Finding a home in Kelowna's tight rental market can be a struggle for anyone, but one mother says a lack of suitable housing in the city has complicated efforts to regain custody of her children.

Jessica Bryde's three children, now aged four, six and 10, were put in temporary foster care in early 2016.

One of several requirements for regaining custody, Bryde said, is to have housing with at least two bedrooms for the family of five.

She spent more than a year looking for a two or three-bedroom place, she told Christina Low on the CBC Radio series Rent Control.

"It's really impossible, because nobody is wanting a mum with three kids, or a family, because I got my husband too," Bryde said.

In Kelowna there's a zero per cent vacancy rate for bachelor apartments and three-or-more bedroom apartments, according to a Canada Mortgage and Housing Corporation report.

For two bedroom apartments, the vacancy rate is at half a per cent.

Bryde lost her subsidized housing in February 2016 for falling behind on the rent. She said she was struggling with a number of issues at the time. A month later, her children went into foster care.

"They miss Mummy and Daddy. They really want to come home," said an emotional Bryde.

The Ministry of Children and Family Development denied a request for an interview but said in an emailed statement that unsuitable housing is never the lone reason children are removed from a family or prevented from having a child returned.

The Canadian Mental health Association in Kelowna confirms that, in general, before a child is removed, a family's situation is often more complicated than just housing.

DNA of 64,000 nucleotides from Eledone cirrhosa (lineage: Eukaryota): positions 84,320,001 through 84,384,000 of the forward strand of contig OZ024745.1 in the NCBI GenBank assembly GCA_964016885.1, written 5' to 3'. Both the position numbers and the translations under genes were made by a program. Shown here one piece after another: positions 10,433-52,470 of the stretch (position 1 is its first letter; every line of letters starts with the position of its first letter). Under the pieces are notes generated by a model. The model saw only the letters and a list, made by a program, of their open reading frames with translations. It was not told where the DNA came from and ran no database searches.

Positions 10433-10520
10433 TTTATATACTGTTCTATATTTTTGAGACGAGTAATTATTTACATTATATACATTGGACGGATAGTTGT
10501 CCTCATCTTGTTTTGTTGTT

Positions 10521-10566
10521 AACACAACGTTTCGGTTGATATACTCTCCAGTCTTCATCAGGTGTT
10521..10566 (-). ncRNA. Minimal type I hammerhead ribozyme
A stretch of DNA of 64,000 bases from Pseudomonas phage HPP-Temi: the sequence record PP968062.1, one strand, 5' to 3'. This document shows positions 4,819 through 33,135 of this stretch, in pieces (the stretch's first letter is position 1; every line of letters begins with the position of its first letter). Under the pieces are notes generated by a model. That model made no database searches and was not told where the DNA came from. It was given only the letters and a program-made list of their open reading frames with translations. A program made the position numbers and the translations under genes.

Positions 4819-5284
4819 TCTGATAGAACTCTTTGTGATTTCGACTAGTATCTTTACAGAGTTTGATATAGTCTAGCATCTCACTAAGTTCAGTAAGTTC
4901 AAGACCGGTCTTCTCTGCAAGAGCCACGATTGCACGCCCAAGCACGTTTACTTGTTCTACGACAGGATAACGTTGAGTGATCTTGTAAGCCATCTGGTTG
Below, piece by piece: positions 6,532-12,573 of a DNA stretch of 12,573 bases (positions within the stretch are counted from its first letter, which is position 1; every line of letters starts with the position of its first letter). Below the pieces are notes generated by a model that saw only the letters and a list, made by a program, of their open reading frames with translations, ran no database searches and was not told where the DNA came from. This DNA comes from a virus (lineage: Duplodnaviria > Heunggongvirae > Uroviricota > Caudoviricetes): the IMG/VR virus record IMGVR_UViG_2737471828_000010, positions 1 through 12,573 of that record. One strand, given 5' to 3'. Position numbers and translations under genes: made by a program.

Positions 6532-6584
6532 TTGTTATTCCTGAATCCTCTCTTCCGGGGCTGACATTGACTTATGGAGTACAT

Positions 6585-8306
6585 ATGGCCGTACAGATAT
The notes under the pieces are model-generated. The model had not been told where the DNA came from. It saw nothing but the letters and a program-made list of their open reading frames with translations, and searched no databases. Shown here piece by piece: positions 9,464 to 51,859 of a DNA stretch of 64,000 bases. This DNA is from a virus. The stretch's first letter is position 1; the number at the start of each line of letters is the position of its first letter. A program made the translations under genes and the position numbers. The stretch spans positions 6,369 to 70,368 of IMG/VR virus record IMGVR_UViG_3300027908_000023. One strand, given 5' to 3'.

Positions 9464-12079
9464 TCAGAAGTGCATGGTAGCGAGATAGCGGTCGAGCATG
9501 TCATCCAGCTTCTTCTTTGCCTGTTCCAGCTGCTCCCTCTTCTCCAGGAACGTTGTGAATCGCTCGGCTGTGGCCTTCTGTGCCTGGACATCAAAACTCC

Endless wait-lists

Bryde said she put her name on seemingly endless wait lists in her search for a home.

"I'm just going day-by-day, just praying that I get a house," she said.

Laurie Malott, the administrator of Columbian Centennial Housing Society, said the Bryde family's case is not unusual. At CCHS, there are more than 500 people on the wait-list to get into one of the 260 units.

Malott estimated he sees about 25 families in a similar situation as the Brydes each year — families who have lost custody of their children and need suitable housing, among other requirements, to get them back.

"In a lot of cases, they really struggle to find a place and, as a result, they have a hard time getting their children back," Malott said.

Housing for families

Bryde moved into a duplex last Friday and is expecting to get her children back before Christmas.

She said the experience has made her lose her faith in society because of how difficult it is to find housing as a family.

Heather and Shane Kambeitz, a Kelowna couple with five children still at home, had similar troubles finding a suitable home. They were often turned down by landlords because of the size of their family, Heather said.

"Sometimes, property managers would hang up the phone before I could even finish," she said.

"A lot of times, they would said 'I'll call you right back' and I would continue to call about the house, especially if it was under $2,400, but I never got the calls returned."

The Kambeitzs said the homes they looked at seemed to always go to a young professional couple that had offered more money for the place.

"It's basically gotten to the point of bidding wars for rentals and when you are on a limited income, it doesn't give you that option to extend yourself any further," Shane said.

With files from Christina Low and Daybreak South


Listen to Rent Control on CBC Radio 1's Daybreak South from Oct. 2 to Oct. 6, 2017.  

Corrections

  • A previous version of this story stated that Jessica Bryde lost custody of her children due to a lack of suitable housing. In fact, she said she lost custody due to a number of issues and housing is one of several hurdles to getting them back.
    Oct 05, 2017 11:05 AM PT